On March 1, 2003, the Taiwanese National Health Insurance Bureau (NHIB) slashed as much as 50% of the subsidies it pays to hospitals for prescription medicines. In order to lower the budget deficit currently troubling the National Health Insurance program, the cut in subsidies is expected to save the bureau approximately NT$6 billion (US$172 million) annually. This is the third time that the NHIB has cut subsides and it is the largest cut thus far. The last subsidy cuts occurred in 2000 and 2001.
According to Shen Mao-ting, deputy director of the NHIB, the price cuts will range from 30% to 50% and will mostly affect drugs with expired patents. Some of the medicines which will be included in the subsidy cuts are: antibiotics, anti-depression drugs, as well as drugs to treat high blood pressure, diarrhea, and heart disease.
Although the price cuts are expected to reduce the costs incurred by the government, the lowered subsides on many drugs is expected to affect the decisions made by hospitals and doctors when prescribing medication to patients. In order to ensure that profits are not greatly reduced due to the subsidy cuts, most hospitals are instructing their doctors to prescribe cheaper alternatives. Vice president of Shin Kong Wu Ho Su Memorial Hospital, Hong Ching-fu, said that if the hospital did not adopt any measures, they would stand to lose one third of the hospital profits as a result of the subsidy cuts. To offset any loss in profits, many hospitals are also planning to bargain with their existing suppliers for cheaper prices or look for other distributors with lower prices.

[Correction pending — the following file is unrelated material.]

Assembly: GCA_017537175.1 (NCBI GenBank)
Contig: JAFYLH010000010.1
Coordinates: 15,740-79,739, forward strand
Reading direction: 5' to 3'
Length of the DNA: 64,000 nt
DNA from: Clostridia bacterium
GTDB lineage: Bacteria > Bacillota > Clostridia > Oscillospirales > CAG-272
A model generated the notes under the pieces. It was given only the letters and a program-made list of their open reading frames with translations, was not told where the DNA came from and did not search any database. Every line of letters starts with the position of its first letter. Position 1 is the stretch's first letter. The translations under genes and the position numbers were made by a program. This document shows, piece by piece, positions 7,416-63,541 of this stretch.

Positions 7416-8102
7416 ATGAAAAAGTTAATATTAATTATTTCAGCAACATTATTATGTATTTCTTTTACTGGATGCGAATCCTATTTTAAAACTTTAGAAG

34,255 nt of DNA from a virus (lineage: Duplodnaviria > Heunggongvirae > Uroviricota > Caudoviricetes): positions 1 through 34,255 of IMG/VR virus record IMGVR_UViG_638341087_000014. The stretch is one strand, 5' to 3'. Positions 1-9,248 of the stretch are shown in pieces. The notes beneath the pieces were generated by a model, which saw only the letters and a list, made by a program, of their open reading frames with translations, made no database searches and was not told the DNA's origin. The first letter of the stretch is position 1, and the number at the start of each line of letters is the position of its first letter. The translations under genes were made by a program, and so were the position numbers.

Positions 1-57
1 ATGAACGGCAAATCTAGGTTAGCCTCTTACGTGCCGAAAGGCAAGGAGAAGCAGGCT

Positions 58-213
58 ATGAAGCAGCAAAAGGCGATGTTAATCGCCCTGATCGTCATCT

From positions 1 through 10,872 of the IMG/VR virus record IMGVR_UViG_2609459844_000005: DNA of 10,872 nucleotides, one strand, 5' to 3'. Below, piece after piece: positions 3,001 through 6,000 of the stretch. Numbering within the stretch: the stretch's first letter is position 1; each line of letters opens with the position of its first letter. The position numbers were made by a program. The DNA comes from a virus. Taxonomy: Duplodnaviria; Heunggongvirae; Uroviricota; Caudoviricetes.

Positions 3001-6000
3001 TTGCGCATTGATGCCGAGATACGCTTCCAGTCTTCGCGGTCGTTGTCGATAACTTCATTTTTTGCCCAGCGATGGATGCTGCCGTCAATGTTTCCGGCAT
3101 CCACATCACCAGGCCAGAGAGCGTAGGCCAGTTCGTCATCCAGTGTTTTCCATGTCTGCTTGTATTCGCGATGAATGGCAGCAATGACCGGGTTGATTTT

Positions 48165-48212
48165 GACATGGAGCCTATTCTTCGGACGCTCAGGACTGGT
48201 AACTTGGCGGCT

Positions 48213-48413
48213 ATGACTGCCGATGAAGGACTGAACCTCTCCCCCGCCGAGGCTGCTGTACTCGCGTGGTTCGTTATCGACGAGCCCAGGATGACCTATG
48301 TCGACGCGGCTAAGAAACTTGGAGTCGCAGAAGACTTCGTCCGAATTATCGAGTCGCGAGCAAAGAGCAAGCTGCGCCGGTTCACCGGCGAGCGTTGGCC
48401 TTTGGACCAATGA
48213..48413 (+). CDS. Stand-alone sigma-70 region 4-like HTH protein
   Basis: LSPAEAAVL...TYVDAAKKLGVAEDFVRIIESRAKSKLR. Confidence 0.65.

The measures taken by healthcare providers to maintain their profits may adversely affect patients and their well-being. Lowered drug prices may compromise the quality and efficacy of drugs. Patients who are biased against locally manufactured drugs and believe they cause more side effects than imports may also become dissatisfied.